- Wow Bao's partner kitchen program is expected to reach 1,000 locations by the end of the year compared to 150 locations available now and six at the start of 2020, according to a press release. Wow Bao partners with restaurant operators to facilitate a delivery-only kitchen, allowing these operators to sell Wow Bao's menu of buns, bowls and potstickers through third-party aggregators.
- Through a separate partnership with Franklin Junction, a digital marketplace that connects kitchen operators with customers, will add 50 locations in the Northeast and Mid-Atlantic this month, as well as a nationwide expansion into 50-plus more locations in the first half of the year.
- Wow Bao started this program in November 2019 and interest has grown during the pandemic, with some operators surpassing the roughly $2,000 in minimum weekly sales operations were expected to generate and reaching $5,000 in weekly sales.
Wow Bao's dark kitchen strategy has helped the company expand its branding beyond its six locations in Chicago and six airport locations and into areas that weren't on its radar initially. The company now has a presence in 24 states and Washington, D.C. It expects to be in 160 cities and 36 states by mid-year, according to the press release. The restaurant brand has had particular success with this program in rural areas, where 40% of its new partnerships are located. These areas are more limited in food variety than urban areas.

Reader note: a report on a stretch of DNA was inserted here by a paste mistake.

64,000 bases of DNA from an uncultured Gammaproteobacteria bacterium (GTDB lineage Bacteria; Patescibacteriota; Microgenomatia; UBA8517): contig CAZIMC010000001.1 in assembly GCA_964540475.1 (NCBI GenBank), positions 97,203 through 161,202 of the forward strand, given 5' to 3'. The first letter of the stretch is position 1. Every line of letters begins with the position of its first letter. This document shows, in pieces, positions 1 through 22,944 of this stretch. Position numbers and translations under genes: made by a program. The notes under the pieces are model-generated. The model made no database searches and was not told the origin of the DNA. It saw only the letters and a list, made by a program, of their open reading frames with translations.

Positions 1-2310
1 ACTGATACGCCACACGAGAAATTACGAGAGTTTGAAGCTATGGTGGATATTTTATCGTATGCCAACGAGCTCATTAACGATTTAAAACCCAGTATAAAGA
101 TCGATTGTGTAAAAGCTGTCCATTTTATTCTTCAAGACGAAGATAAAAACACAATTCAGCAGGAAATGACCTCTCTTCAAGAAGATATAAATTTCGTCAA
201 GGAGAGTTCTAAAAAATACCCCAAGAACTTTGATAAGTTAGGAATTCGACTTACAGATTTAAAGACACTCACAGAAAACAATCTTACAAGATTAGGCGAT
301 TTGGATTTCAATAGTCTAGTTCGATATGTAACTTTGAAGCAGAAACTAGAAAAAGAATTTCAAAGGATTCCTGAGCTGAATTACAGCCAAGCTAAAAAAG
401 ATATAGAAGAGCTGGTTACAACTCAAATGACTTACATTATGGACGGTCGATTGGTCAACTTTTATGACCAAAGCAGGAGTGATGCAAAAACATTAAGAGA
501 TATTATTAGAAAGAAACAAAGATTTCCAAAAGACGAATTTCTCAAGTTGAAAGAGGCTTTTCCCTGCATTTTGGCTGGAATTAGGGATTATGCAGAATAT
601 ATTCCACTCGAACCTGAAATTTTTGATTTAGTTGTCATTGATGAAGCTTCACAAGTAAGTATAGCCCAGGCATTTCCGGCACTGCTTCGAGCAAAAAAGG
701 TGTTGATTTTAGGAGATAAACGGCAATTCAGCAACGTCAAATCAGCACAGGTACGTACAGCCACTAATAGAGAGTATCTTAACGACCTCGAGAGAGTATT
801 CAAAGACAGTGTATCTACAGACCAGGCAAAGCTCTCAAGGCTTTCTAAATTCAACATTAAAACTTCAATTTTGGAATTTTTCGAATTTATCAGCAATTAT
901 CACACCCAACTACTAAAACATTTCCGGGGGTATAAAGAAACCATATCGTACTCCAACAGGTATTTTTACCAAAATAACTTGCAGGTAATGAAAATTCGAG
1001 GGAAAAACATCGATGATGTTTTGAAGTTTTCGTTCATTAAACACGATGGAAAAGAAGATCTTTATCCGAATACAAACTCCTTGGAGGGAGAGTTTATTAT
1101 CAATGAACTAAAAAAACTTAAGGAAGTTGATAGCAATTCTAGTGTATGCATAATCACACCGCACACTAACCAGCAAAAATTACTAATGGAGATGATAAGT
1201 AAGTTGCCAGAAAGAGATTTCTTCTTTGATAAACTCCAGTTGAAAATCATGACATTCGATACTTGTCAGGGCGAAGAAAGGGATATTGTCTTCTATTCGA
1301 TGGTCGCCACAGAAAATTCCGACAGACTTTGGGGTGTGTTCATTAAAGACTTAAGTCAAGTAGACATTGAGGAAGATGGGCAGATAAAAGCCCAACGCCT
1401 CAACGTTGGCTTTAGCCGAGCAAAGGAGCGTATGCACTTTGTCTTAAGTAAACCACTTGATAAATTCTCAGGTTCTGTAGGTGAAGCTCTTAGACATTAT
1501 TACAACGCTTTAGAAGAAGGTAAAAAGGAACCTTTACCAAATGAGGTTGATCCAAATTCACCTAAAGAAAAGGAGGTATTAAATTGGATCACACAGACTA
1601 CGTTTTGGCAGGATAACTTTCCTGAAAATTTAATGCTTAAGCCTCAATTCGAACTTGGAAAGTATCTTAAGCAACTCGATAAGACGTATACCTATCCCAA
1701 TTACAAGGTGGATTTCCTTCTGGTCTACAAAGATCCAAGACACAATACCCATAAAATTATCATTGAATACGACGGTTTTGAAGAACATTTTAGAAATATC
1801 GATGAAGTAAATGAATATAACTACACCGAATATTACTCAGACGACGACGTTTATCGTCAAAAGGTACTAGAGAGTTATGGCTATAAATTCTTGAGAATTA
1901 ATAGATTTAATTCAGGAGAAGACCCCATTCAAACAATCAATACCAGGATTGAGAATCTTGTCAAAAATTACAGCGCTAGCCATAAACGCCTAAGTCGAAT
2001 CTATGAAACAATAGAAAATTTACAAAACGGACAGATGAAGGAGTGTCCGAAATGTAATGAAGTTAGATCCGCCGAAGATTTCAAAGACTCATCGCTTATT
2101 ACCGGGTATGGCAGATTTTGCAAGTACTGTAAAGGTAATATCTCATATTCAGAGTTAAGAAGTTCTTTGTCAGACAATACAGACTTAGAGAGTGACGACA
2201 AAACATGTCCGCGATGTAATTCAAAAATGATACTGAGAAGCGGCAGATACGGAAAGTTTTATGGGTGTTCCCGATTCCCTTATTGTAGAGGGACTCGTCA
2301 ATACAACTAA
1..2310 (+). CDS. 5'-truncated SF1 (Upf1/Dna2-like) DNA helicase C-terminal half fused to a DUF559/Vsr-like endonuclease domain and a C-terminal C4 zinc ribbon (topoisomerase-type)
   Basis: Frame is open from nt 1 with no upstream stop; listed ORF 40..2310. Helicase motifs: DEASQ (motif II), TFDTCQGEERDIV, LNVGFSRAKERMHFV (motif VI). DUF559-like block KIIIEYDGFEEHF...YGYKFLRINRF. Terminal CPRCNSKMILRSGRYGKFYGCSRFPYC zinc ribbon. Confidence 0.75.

Wow Bao's strategy is also providing an additional revenue stream for operators, many of whom have struggled to grow sales during the pandemic. CEO Geoff Alexander previously told Restaurant Dive that one operator in Minneapolis made $10,000 in a week during October. The initial investment is under $1,000, which he said can be earned back within 10 to 14 days.
Wow Bao's kitchen program has become one of the fastest growing host operations in the country. Other major brands, like Brinker International and Applebee's, have also been using existing restaurants within their own systems to create virtual-only brands. Famous Dave's is using both its existing restaurants as well as partnering with outside operators to sell its food online.
There is also plenty of room to grow ghost kitchens, with less than 5% of operators saying they added delivery from a virtual or ghost kitchen since the start of the pandemic, according to the National Restaurant Association's 2021 State of the Industry report. The association also found that 72% of adults prefer for their delivery orders to come from a location they can visit in-person. Having existing restaurants that a consumer could visit could help some initial hesitancy that consumers may have from ordering virtual-only brands.